Zero trust, Asset Management, Security Program Controls/Technologies

Feds begin measuring EDR at Tennessee Valley Authority, but gaps cited in audit

A dam on the Tennessee River is seen.
Wilson Dam between Lauderdale County and Colbert County on the Tennessee River, Alabama, one of nine major dams managed by the Tennessee Valley Authority. Federal auditors have discovered gaps in the TVA's deployment of endpoint detection and response software for different network connections. (Archive Photos/Getty Images)

Last year, the Biden administration ordered federal agencies large and small to begin conforming with a series of zero trust cybersecurity mandates, including the deployment of endpoint detection and response (EDR) technologies that can monitor federal devices for any signs of compromise by malicious hackers and facilitate threat hunting and incident response.

“To achieve Government-wide EDR coverage, agencies must ensure that their EDR tools meet CISA’s technical requirements and are deployed and operated across their enterprise,” the Office of Management and Budget wrote in its zero-trust strategy.

The administration has given agencies until 2024 to put the new protections in in place, but federal watchdogs are already starting to measure against that benchmark. The Inspector General for the Tennessee Valley Authority, a federally owned electric utility that serves Tennessee and parts of Georgia, Alabama, Mississippi, Kentucky, North Carolina and Virginia, noted in a recent audit that while the entity has been “generally effective” deploying endpoint detection software for its desktop and laptop devices, it lacks the technical requirements to ensure that protection is being extended across all its network connections.

“This could allow unprotected desktops and laptops to connect to the network increasing the risk of propagating malware on TVA networks,” wrote David Wheeler, assistant inspector general.

The report implies that these gaps may be obscuring an unknown number of devices at TVA that are connecting to vulnerable networks. It intentionally leaves out many details around the weaknesses, but highlights two specific problems that led to the breakdown: the lack of an explicit policy to require endpoint protections across all network connections; and gaps in the agency’s policies, procedures and internal controls.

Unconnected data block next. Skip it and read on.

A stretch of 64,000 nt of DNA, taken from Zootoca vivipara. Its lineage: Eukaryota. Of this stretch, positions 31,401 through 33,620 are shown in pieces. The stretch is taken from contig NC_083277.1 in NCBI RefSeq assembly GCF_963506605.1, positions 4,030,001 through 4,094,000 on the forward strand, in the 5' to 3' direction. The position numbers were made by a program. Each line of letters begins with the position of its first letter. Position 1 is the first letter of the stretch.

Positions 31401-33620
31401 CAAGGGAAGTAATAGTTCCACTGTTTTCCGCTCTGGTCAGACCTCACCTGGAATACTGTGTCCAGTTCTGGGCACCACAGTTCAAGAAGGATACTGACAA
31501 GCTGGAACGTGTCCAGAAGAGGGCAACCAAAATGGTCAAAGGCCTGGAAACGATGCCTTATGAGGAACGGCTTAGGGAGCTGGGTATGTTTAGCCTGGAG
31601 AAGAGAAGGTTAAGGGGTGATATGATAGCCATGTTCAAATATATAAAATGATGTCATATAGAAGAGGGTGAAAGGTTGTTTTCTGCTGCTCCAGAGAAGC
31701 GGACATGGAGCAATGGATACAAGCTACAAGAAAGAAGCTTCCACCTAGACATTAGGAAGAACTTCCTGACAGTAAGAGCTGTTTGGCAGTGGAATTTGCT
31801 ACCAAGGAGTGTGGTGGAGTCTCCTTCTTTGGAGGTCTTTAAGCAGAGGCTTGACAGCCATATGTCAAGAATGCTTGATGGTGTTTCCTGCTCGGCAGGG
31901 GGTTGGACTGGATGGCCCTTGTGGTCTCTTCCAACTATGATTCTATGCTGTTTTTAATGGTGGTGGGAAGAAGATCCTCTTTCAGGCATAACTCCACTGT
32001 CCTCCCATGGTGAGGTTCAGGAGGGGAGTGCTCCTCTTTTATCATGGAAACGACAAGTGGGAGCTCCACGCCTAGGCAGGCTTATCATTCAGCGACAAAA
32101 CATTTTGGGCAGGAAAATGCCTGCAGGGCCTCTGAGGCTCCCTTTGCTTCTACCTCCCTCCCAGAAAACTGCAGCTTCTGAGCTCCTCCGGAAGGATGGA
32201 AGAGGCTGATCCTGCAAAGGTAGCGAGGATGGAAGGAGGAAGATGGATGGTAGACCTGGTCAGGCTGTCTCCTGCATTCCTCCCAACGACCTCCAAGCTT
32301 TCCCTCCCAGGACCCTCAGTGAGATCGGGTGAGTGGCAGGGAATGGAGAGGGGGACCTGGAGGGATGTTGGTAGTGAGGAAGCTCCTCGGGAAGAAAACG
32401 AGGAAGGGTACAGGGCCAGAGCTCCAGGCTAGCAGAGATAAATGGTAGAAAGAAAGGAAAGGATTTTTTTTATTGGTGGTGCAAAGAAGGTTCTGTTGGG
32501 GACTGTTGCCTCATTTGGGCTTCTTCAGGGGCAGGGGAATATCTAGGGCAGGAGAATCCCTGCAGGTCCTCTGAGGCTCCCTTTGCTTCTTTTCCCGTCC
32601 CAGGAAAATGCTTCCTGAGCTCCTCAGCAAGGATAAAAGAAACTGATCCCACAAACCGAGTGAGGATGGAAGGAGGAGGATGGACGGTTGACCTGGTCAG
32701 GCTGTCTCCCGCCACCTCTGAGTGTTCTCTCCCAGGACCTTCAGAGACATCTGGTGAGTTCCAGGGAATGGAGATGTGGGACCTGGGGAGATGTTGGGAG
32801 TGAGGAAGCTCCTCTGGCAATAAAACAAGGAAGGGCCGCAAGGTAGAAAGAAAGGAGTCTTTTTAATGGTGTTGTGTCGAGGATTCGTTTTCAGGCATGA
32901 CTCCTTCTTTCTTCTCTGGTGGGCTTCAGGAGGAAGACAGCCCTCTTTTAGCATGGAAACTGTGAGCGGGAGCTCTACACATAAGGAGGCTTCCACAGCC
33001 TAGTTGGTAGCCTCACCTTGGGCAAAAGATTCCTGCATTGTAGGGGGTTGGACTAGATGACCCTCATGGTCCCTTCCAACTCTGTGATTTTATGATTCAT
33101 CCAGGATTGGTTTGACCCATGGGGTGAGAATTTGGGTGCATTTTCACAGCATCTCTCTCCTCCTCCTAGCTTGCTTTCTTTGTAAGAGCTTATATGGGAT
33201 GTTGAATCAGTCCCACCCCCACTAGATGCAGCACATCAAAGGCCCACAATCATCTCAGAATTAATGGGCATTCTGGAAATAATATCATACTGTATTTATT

Oddly, at one point TVA did have a specific policy for deploying endpoint security protections across its enterprise, but a recent update removed those requirements and the agency now has no specific policy around the issue despite the recent executive order and zero-trust mandates. Its internal controls have also not been updated to account for the EDR software they have deployed.

TVA officials, including Vice President and Chief Information Officer Jeremy Fowler, were briefed on the specifics in May. Auditors recommended that TVA address the gaps in network connections and update internal policies and controls to account for endpoint protection strategies, both which Fowler agreed with in an attached reply.

Derek B. Johnson

Derek is a senior editor and reporter at SC Media, where he has spent the past three years providing award-winning coverage of cybersecurity news across the public and private sectors. Prior to that, he was a senior reporter covering cybersecurity policy at Federal Computer Week. Derek has a bachelor’s degree in print journalism from Hofstra University in New York and a master’s degree in public policy from George Mason University in Virginia.

Related Events

Get daily email updates

SC Media's daily must-read of the most current and pressing daily news

By clicking the Subscribe button below, you agree to SC Media Terms and Conditions and Privacy Policy.